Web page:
A Fairfax County Board of Supervisors public hearing on Reston transportation projects set for Feb. 28 will address the projects’ funding plan. Questions asked about the project Tuesday prior to the board’s vote to approve the hearing, however, concerned design issues.
Supervisor Pat Herrity (Springfield District) raised a number of questions for Tom Biesiadny, director of the Fairfax County Department of Transportation, regarding concerns he has with the plan itself.
“If you take some of the costs out of the project, the impact on both the citizens and the new businesses would be less,” Herrity said.
The overall project — which includes road widening and upgrades to intersections and interchanges, in addition to construction of new Dulles Toll Road crossings — is estimated to cost in excess of $2.2 billion.
Herrity asked Biesiadny about a proposed Town Center Parkway underpass of the Toll Road, projected to cost $170 million. Herrity inquired why an underpass was determined to be more cost-effective than an overpass.
“Because of the topography, the Toll Road actually sits above the intersection of Town Center Parkway and Sunset Hills,” Biesiadny explained. “You would be starting below the Toll Road and having to go up and over it, as opposed to tunneling under it.”
Herrity also had a number of concerns about the proposed Soapstone Drive overpass of the Toll Road, among them the structure of the lanes in the proposal. The plan calls for two driving lanes on each side of the bridge with a two-lane left-turn area, becoming four lanes of traffic across the overpass.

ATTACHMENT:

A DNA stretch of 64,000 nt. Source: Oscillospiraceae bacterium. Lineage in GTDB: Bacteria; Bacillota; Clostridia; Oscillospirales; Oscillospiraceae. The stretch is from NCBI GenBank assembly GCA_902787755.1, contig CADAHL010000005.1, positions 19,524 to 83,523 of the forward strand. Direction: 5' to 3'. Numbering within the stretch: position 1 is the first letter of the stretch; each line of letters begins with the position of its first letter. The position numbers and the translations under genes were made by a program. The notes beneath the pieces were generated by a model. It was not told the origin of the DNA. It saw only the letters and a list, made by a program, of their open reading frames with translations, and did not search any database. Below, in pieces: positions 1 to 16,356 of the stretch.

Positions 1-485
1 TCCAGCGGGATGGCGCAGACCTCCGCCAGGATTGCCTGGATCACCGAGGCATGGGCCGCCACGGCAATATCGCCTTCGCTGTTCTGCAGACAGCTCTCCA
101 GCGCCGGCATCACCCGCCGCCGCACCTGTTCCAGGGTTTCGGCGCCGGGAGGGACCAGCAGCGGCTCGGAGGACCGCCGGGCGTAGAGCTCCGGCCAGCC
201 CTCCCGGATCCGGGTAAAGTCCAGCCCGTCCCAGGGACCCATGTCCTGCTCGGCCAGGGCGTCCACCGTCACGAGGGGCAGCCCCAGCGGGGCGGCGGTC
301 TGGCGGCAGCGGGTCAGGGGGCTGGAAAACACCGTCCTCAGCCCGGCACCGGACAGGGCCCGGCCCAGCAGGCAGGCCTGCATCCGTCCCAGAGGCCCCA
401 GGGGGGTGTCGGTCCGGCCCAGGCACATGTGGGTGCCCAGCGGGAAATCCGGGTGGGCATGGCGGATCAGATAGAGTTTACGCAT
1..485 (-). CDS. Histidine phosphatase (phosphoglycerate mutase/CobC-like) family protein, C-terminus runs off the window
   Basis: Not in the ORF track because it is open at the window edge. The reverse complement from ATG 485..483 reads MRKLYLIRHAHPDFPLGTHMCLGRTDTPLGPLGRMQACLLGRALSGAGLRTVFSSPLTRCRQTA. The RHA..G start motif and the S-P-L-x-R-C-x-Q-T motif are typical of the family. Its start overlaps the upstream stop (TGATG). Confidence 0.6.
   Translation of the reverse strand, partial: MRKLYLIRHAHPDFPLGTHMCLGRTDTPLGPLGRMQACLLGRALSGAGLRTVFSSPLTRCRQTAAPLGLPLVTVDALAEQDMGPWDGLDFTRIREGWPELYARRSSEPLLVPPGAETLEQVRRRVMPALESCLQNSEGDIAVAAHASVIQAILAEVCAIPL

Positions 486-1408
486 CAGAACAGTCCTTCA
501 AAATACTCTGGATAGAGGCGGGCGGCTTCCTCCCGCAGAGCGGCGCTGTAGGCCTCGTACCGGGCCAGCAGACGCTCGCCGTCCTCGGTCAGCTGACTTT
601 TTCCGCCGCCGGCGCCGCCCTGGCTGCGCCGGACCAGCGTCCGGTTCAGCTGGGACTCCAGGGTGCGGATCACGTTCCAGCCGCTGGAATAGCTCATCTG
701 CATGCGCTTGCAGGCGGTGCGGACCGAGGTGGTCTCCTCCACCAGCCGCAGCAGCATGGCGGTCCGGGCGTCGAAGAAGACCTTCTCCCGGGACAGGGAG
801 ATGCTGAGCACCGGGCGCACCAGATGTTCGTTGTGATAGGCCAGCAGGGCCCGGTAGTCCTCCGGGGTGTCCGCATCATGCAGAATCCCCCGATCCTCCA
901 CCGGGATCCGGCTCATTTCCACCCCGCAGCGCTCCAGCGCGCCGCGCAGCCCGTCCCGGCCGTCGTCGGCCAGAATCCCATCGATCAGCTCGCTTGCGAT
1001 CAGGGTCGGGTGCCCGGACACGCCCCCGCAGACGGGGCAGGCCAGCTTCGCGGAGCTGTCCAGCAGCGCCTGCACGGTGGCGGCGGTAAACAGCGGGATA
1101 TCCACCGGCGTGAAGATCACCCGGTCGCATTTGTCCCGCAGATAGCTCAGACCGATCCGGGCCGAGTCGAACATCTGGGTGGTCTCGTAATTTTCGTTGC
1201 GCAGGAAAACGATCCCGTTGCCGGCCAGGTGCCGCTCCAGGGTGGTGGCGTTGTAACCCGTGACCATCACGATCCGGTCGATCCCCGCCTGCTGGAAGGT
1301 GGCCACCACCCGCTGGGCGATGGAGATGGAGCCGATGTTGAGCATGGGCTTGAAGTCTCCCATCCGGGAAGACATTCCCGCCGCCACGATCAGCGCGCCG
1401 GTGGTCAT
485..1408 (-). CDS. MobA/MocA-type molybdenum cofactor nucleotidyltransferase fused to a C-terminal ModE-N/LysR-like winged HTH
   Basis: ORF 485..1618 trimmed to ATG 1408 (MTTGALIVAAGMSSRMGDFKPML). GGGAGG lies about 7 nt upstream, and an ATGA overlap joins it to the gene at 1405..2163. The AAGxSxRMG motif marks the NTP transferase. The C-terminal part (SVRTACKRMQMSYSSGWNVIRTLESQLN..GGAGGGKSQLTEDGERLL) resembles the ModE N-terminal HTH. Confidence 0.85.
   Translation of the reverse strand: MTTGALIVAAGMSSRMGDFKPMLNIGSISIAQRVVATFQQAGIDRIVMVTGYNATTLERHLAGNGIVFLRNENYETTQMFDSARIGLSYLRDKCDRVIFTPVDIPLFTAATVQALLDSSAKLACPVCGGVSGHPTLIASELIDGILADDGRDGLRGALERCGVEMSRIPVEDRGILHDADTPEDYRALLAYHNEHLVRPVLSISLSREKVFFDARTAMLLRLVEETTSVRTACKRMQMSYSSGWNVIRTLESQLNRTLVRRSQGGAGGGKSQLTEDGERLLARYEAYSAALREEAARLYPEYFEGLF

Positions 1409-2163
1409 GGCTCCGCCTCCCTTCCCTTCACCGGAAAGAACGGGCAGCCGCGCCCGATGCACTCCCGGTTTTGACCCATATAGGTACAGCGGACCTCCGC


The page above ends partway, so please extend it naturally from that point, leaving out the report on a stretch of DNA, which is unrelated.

“The idea is that we would only want to go over the Toll Road once, so you would provide some additional capacity should you ever need it in the future,” Biesiadny said.
The four lanes over the Toll Road would be a total of 36 feet wide. The plan calls for 33 1/2 feet of space for pedestrians and bicyclists, another figure that Herrity questioned.
“So we’re going to have as much room on that bridge for bikes and pedestrians as we are for car traffic,” he said, asking for data to back up the need.
Biesiadny said projections have shown there will be a large amount of foot and pedal traffic across the connector.
“Given its location adjacent to the Wiehle-Reston East Metrorail Station, we do think there is going to be a significant number of people using bikes and pedestrians to access the station, as well as the development that will be occurring around there,” he said.
Supervisor Cathy Hudgins (Hunter Mill District) said the community has decided that increased walkability and access for bicyclists is important to the future of transportation.
“What you will see in this project, and I think what the community has been stressing, is the compactness of the transportation infrastructure. That is, you see fewer turn lanes because, guess what, pedestrians require attention from those on the road in order to safely traverse those areas and make the connectivity. I think the most important part about it is… the value that this returns to the overall community in the way that we build the transportation infrastructure and land owners can actually construct the development. If we make a mistake there, it becomes not well used and thus not a return in value to the community and those who own the land.”
The public hearing on project funding was approved by the board and scheduled for 4:30 p.m. Tuesday, Feb. 28.
Screen capture of Supervisor Cathy Hudgins speaking at Jan. 24 meeting, via Fairfax County website